Wickham Stone Park Logo

World War II Memorial

Description

"Erected on the north side of the road, facing back towards the Wickham cabin, this was, presumably, Wickham’s first ‘public’ sculpture. A monument to World War II veterans, it attracted a great deal of attention when it was first presented. Wickham had asked Carroll Ellis, a neighbor and a member of the Sportsman’s Club who was employed by the U.S. Department of Agriculture, to invite the United States Senator from Tennessee, Estes Kefauver, to give dedicatory remarks at a ceremony unveiling the statue. Kefauver was flown to the site by Army helicopter, an Army band played, and Wickham was presented with an American flag which he would later fly on the flagpole near the statues.

The soldier on the monument had special significance to Wickham for he had lost his second to youngest son, Ernest, in World War II. He was killed in action in southern France, December 6, 1944 while serving in the Army. Wickham’s daughter Rita Johnson says that her father used a photograph of her brother when sculpting the figure, and that the end result was a good resemblance of her favorite brother, who was closest to her in age.

Wickham’s representation of Ernest Wickham stood life size on a mound atop a concrete podium that raised him ten feet off the ground. The figure originally wore an actual WWII helmet on his head. Surrounded by artillery shells and cannon balls, Ernest Wickham held a rifle at attention on his right arm and rested his left hand on an artillery shell. The sloping mound, which elevates the figure above the podium, is also embedded with slag that Wickham could have collected from the nearby furnace behind the statues, and shards of blown glass, which family members remember Wickham getting from the family glass works in Clarksville.

This visual vocabulary of studding a concrete surface with curious rocks and objects has a long history in the context of self-trained artists. Wickham may have borrowed the idea from Brother Joseph Zoettl ‘s Ave Maria Grotto at St. Bernard Abbey in Cullman, Alabama. Wickham’s grandson Jack Wickham remembers that his grandfather once visited the Ave Maria Grotto, which was near Sacred Heart Convent where Wickham’s daughter Nora (Sister Justina) is a Catholic nun. Wickham’s grand-daughter Nancy Johnson Ledbetter remembers bringing him a brochure about the Ave Maria Grotto on one of her visits home from the Convent high school, which she attended from 1958 to 1962.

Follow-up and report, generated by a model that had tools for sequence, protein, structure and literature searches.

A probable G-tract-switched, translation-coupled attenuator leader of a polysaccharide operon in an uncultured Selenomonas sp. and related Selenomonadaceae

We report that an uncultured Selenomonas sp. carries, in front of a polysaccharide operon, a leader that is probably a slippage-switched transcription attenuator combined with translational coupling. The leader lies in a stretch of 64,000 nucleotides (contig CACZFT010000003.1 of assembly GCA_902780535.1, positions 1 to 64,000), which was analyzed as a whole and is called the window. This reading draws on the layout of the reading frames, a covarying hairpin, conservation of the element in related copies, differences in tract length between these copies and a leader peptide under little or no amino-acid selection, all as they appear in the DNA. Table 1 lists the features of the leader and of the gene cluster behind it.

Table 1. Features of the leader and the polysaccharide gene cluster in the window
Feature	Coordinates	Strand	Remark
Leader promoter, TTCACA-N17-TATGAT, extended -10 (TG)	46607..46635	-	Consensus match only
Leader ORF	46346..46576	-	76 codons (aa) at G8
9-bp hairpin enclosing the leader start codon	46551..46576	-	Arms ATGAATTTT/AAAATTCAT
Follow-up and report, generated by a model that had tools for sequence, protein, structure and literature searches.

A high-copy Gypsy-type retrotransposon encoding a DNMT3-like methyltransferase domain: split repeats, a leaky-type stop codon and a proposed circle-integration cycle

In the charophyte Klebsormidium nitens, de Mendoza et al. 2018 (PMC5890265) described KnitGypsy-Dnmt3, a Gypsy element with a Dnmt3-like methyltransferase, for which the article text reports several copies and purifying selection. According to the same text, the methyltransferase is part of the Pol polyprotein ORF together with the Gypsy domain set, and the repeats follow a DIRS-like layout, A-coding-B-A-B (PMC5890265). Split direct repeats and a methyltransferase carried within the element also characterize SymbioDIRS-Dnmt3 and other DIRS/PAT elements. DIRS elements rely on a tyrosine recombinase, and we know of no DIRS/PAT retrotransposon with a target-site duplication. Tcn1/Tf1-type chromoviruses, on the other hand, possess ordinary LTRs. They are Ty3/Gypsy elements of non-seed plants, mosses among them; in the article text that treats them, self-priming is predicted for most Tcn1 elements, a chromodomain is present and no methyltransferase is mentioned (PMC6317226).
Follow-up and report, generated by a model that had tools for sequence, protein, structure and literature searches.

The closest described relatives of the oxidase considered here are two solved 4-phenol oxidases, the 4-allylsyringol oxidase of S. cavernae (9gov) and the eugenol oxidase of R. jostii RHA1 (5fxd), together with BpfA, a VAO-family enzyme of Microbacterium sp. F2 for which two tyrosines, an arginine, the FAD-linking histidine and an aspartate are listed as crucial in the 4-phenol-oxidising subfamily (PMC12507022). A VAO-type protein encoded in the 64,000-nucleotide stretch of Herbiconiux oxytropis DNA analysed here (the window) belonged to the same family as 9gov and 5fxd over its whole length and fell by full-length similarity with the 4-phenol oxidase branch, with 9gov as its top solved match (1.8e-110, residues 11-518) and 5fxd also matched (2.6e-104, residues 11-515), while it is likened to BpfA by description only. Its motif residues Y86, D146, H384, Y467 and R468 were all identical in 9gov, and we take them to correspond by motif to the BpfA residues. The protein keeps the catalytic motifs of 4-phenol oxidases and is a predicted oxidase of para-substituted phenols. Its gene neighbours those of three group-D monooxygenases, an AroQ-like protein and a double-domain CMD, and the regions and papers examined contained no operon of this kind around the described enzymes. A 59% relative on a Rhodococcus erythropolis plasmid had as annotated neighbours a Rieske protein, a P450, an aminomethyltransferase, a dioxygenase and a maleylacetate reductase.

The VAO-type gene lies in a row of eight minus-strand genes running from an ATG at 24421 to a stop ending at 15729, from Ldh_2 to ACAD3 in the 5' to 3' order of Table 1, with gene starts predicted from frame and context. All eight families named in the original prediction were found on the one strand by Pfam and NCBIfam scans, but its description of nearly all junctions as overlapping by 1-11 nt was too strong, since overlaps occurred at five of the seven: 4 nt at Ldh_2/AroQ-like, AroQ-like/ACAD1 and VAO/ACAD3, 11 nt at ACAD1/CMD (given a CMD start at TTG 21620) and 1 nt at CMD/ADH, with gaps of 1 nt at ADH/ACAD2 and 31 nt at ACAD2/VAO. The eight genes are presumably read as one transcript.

The base of Wickham’s World War II monument is surrounded with inscriptions, but perhaps the most revealing is an epitaph that reads: Whether on Scaffolds High or Battles Van, the Fittest Place for Man to Die is Where He Dies for Man. Wickham had created a concrete-lined vault in the family cemetery for Ernest’s burial. He later added similar vaults beside the grave for his wife and himself." - quoted text is from the 2001 Customs House Museum Online Wickham Exhibit.

The above epitaph from this memorial is by Michael J. Barry(1817-1889) writings in the Dublin Nation circa 1844. Another epitaph on the Kohima World War II War Memorial remembers the fallen Allies at the Battle of Kohima :

When You Go Home, Tell Them Of Us And Say,
For Their Tomorrow, We Gave Our Today

Picture Gallery
(Click on image for larger view)

WW II Memorial

Sgt. York,WW II Memorial and Andrew Jackson

Ernest Wickham E.T. Wickham by WW II Memorial

WW II Memorial

Sgt York,WW II Memorial & Jackson E.T. Wickham's son Ernest E.T. Wickham by WW II Memorial
ET by WW II Memorial,Alvin York and Andrew Jackson WW II Memorial Closeup Memorial & Jackson WW II Memorial
ET by WW II Memorial,Alvin York and Andrew Jackson WW II Memorial Closeup WW II Memorial and Andrew Jackson WW II Memorial

Inscriptions
(Front,Rear,Left,Right)


BUILT BY E.T. WICKHAM 1959 THIS MONUMENT IS BUILT IN HONOR OF ALL MEN WHO HAVE GONE FORTH BY LAND, SEA OR AIR TO FACE ALMOST CERTAIN DEATH, ESPECIALLY THESE GALLANT MEN FROM 18TH ,19TH & 20TH DISTRICT OF MONTGOMERY CO.TENN. WHO SACRIFICED THEIR LIVES IN ACTION AND WHOSE NAMES ARE INSCRIBED HERE. MAY WE FOREVER RETAIN THIS FREEDOM. 

WHETHER ON SCAFFOLDS HIGH OR BATTLES VAN
THE FITTEST PLACE FOR MAN TO DIE IS WHERE HE DIES FOR MAN

19TH DISTRICT          18TH DISTRICT
ERNEST WICKHAM     STEWART BAGGETT
AUSTIN WICKHAM     RAY JACKSON  
TURNER RAID             WALTER EADS
WILLIAM MARTIN     BRANDON UNDERWOOD
GEORGE LANKFORD  GILBERT UNDERWOOD
STANLEY LISENBY
CHARLIE POWERS
RICHARD EVANS
ROGER SPEARS
RAYMOND ESTES
ARVILL SUITER 
DANNY T.ODHAM 
LEAVY S. SUITER
CHARLES T. SHELTON 

 

20TH DISTRICT
MAURICE TROTTER
WILLIAM FLETCHER

 

 

 

 

 

 




PVT Earnest W. Wickham

ID: 34366502
Branch of Service: U.S. Army
Hometown: Montgomery County, TN
Status: KIA

E.T. Wickham’s son Ernest was killed in France on December 6, 1944

E.T.'s inscription on WW II Memorial

Get a souvenir of this statue at the new online Wickham Stone Park Gift Shop

Boone Oxen Hudson Davis Kennedy Peay Totem Doctor York WW2 Jackson